A publication of the Kentucky Center for Public Service Journalism

Our Rich History: Griffin Yeatman’s Square and Compass Tavern, the heart of early Cincinnati

By Steve Preston
Special to NKyTribune

Griffin Yeatman arrived in Cincinnati on June 20, 1793. He was born on March 8, 1770, in Westmoreland County, Virginia. From this genteel area of the Northern Neck of Virginia, birthplace of George Washington, came 23-year-old Yeatman to the fledgling frontier town of Cincinnati.

When he arrived, he found eight dirt streets lined with 20-30 log cabins, 30 stores, and nine taverns. Just to the east of the hamlet was Fort Washington, the military installation charged with the protection of the settlers. Griffin Yeatman, and his business, would be at the center of events as Cincinnati became the “Queen City.”

Newcom Tavern (1796) Carillon Historical Park, Dayton, Ohio, would have been similar to Yeatmen’s Tavern. (Courtesy of Wikimedia Commons)

Yeatman purchased land adjacent to the public landing and on the banks of the Ohio River built the first large tavern in Cincinnati. Located on the northeast corner of Front and Sycamore Streets, he called it the Square and Compass. Yeatman’s tavern, replete with hardware from the East Coast, was a two-story log structure consisting of tap-room, dining hall, ballroom, and rooms upstairs for meetings. A wooden sidewalk out front kept the river mud at bay. A stable and courtyard were also part of the tavern. One of the first buildings to be seen by those coming by boat, it proved economically advantageous. Its location helped to make it a popular meeting place for locals and soldiers on pass.

Because of its location, size, and popularity, Yeatman’s Square and Compass became the center of Cincinnati socially and civically. When citizens wanted to meet, they almost always met at Square and Compass. A rye whiskey by the name of “Old Monongahela” was a local favorite of customers. Townspeople gathered here for celebrations such as the Fourth of July. However, these dinners were attended only by members of the same political party once Griffin Yeatman entered politics. Citizens often gathered there to discuss local matters.

One of the more exciting meetings at Yeatman’s tavern occurred in March 1801. At this particular meeting, the residents discussed the use of a new invention capable of allowing boats to go against the river current using steam engines. Yeatman’s courtyard was also the scene of the first theater performance in Ohio.

As the influx of new people to Cincinnati increased, so did the size of Yeatman’s investment. By 1800, he had expanded his tavern to include the “Hotel de Ville” or “Yeatman’s Inn.” His establishment was not just the favorites of locals. Prominent figures visited as well, including General Andrew Jackson, Vice President Aaron Burr, The Marquis de Lafayette, and Territorial Governor Arthur St. Clair.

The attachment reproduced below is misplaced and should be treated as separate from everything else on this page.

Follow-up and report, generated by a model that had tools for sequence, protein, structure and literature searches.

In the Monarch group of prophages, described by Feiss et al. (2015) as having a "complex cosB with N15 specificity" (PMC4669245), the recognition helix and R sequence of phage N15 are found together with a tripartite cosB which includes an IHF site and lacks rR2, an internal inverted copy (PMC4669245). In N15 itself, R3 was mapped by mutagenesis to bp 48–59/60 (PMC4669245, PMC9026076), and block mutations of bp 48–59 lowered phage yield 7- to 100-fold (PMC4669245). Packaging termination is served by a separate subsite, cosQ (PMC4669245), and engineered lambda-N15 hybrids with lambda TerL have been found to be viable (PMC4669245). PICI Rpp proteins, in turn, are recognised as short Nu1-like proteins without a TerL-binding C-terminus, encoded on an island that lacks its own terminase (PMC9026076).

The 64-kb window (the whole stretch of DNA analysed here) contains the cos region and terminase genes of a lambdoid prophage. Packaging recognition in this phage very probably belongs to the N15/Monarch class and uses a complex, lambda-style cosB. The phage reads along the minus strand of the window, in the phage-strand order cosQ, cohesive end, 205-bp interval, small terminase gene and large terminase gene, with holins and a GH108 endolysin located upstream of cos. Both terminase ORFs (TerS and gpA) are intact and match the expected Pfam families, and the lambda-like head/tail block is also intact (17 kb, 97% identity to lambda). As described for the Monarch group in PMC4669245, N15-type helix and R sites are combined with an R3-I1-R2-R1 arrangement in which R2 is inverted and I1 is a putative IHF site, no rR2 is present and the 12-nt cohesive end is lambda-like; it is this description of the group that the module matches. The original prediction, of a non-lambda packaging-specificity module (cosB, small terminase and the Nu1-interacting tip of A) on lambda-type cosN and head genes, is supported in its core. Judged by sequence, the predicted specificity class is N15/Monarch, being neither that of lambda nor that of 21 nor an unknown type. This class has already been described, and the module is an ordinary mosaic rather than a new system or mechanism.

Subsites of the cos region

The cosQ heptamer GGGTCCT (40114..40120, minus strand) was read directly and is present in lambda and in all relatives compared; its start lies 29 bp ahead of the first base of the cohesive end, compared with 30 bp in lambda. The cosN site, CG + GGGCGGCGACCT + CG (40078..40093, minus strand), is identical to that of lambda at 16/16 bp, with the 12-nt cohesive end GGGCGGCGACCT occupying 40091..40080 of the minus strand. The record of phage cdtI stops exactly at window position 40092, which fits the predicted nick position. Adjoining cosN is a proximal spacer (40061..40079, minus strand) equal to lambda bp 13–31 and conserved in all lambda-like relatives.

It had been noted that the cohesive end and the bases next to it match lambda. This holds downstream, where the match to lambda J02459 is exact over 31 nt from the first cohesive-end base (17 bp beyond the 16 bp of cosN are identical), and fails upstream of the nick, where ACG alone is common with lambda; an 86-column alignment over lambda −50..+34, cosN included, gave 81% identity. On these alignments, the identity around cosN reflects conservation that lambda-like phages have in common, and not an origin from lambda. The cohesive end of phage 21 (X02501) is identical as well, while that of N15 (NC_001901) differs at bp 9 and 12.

Yeatman’s signature on an 1824 land deed. (Photo by Steve Preston)

Civically speaking, the Square and Compass and Griffin Yeatman became vital to early Cincinnati. It was the location for Cincinnati’s first post office. It was a makeshift hospital; it even housed an early Cincinnati museum. More importantly, a room in the upstairs of the tavern served as the meeting place for the first territorial legislature. In 1802 the tavern was the site of the first session of the territory’s Supreme Court. Griffin Yeatman entered politics. He served in several political offices, such as Justice of the Peace and County Clerk. He is most well-known for serving 27 years as the Hamilton County Recorder.

Yeatman would marry twice as a resident of Cincinnati. First, he married Jane Winton in 1795. With her passing in 1808, he married her sister Margaret in 1814. Griffin Yeatman died in 1849 at the age of 79. He was well-respected in the community and has not been forgotten. He was the first initiate of the N.C. Harmony Masonic Lodge of Cincinnati. In fact, the Yeatman Masonic Lodge is named after him. The park and area where his inn was located are known today as Yeatman’s Cove Park. The Hamilton County Recorder’s office commemorates Yeatman with the “Griffin Yeatman Historical Achievement Award.” This award recognizes excellence in historical preservation, research and other actions dealing with Hamilton County History.

Steve Preston is the Education Director and a Curator of History at Heritage Village Museum. He received his MA in Public History from Northern Kentucky University.

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One Comment

  1. Bonnie Jeanne Speeg says:

    Perfect paper of Yeatman history. Thanks for being a part of Heritage Village and studying early Cincinnati history.

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